Annals of Indian Academy of Neurology
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EDITORIAL
Year : 2008  |  Volume : 11  |  Issue : 3  |  Page : 139
 

From Thomas Willis to New Delhi


Editor, Annals of Indian Academy of Neurology, Department of Neurology, Sree Chitra Tirunal Institute for Medical Sciences and Technology, Trivandrum, India

Correspondence Address:
Sanjeev V Thomas
Department of Neurology, Sree Chitra Tirunal Institute for Medical Sciences and Technology, Trivandrum
India
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DOI: 10.4103/0972-2327.42931

PMID: 19893658

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How to cite this article:
Thomas SV. From Thomas Willis to New Delhi. Ann Indian Acad Neurol 2008;11:139

How to cite this URL:
Thomas SV. From Thomas Willis to New Delhi. Ann Indian Acad Neurol [serial online] 2008 [cited 2014 Jul 23];11:139. Available from: http://www.annalsofian.org/text.asp?2008/11/3/139/42931


Thomas Willis described Myasthenia Gravis in a woman who had episodic muscular weakness, for the first time in 1672. In 1934, another English doctor, Mary Walker demonstrated that the weakness due to Myasthenia could be reversed by injection of Physostigmine, which was then popular as an antidote to curare poisoning. Sir Henry Dale, who was awarded the Nobel Prize for Medicine and Physiology in 1936, developed the neurohumoral theory and postulated on the acetyl choline receptors. Much progress has taken place since then. Now we know that neuromuscular junction disorders could be due to a variety of pathological processes. The neurophysiological and immunological basis of these disorders has been elaborated much. Prof. Angela Vincent has provided an excellent update on this subject in her Prof. Baldev Singh Oration. We are glad to bring out this oration which she had delivered in the 15 th Annual Meeting of the Indian Academy of Neurology in Mumbai, last year.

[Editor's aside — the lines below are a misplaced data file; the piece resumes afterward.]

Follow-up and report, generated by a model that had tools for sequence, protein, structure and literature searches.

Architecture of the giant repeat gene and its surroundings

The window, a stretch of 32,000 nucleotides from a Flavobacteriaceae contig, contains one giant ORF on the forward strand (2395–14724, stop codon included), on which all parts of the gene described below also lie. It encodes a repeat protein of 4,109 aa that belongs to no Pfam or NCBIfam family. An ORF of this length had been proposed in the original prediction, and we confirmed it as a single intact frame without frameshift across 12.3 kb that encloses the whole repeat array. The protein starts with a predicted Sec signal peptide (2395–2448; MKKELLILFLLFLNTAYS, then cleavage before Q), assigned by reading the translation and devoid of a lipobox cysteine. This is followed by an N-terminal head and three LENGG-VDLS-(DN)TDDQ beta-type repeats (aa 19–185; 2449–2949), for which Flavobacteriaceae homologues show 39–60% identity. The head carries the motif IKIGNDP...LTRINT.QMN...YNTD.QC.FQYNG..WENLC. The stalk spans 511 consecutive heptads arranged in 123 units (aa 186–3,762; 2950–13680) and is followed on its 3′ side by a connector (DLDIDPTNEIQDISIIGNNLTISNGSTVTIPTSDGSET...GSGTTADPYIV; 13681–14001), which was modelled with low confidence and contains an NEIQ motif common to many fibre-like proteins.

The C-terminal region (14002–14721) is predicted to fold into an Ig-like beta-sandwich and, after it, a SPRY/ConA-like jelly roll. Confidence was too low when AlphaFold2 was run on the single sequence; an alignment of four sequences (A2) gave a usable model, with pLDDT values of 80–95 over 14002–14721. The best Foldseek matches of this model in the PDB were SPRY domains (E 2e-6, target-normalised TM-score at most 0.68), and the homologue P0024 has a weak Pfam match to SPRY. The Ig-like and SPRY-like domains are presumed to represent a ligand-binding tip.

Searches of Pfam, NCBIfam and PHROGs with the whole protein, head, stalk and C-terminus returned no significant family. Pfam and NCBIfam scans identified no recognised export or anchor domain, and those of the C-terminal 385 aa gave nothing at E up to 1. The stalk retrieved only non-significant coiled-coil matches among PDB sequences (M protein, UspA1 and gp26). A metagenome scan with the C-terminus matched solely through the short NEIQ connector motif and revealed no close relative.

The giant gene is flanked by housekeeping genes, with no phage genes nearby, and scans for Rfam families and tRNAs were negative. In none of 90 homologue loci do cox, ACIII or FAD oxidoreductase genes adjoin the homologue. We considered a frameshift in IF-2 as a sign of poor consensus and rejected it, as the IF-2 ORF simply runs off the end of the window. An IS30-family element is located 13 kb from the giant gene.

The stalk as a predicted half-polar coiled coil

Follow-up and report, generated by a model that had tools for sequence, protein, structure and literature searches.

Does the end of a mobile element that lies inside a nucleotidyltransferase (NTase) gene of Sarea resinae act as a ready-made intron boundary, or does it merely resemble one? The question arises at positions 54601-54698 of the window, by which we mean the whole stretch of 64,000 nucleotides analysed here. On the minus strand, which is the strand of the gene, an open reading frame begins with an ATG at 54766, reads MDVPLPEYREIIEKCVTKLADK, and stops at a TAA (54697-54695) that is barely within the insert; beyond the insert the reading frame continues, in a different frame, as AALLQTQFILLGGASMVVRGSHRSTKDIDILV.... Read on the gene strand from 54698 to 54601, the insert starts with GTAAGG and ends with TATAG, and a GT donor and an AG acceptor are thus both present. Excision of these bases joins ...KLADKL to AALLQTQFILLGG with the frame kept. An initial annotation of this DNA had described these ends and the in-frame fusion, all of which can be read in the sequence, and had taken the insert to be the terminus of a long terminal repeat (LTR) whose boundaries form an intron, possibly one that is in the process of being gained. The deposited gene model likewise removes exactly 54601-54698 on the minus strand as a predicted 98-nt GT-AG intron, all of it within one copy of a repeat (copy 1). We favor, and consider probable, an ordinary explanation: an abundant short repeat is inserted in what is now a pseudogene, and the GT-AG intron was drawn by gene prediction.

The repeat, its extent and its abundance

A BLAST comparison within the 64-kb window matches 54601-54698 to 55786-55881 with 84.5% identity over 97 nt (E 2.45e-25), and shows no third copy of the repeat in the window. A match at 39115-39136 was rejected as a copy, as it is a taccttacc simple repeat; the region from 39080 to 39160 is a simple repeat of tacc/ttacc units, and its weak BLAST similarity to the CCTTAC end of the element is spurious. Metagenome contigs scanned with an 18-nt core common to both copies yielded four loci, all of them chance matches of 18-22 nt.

We have published several important articles on stroke in this journal recently. Stroke is one of the most important causes of mortality and disability in the world. Carotid stenosis is an important etiological factor for ischemic strokes in adults. Dr. Michael Ellis DeBakey made history in 1953 by performing the first successful carotid endarterectomy in the Methodist Hospital, Houston Texas, USA. Now more than 150,000 such procedures are being carried out in USA alone. Over the years several major studies have confirmed that carotid endarterectomy, when performed on critically stenosed artery protects from stroke. Recently interventional intravascular procedures have come up as possible alternative to endarterectomy. There are 29 clinical trials registered with the NIH Clinical Trial registry that examine various therapeutic aspects of carotid artery disease. Some studies are focusing on asymptomatic stenosis, while others are focusing on secondary prophylaxis. Certain studies are comparing endarterectomy with stent procedures. In this issue, we have included the long term experience of carotid endarterectomy of a single Institution in India.

This issue of the Annals will be reaching you a few weeks before the Annual Meeting of the Indian Academy of Neurology. This year, the annual meeting will be held in New Delhi, jointly with the 12 th Asia Oceanian Congress of Neurology. Earlier, we have had several excellent meetings in New Delhi. I am confident that the organizers of this meeting will exceed the performance of all previous meetings and provide us with a very informative and enjoyable meeting. I look forward to meet some of you on this occasion.




 

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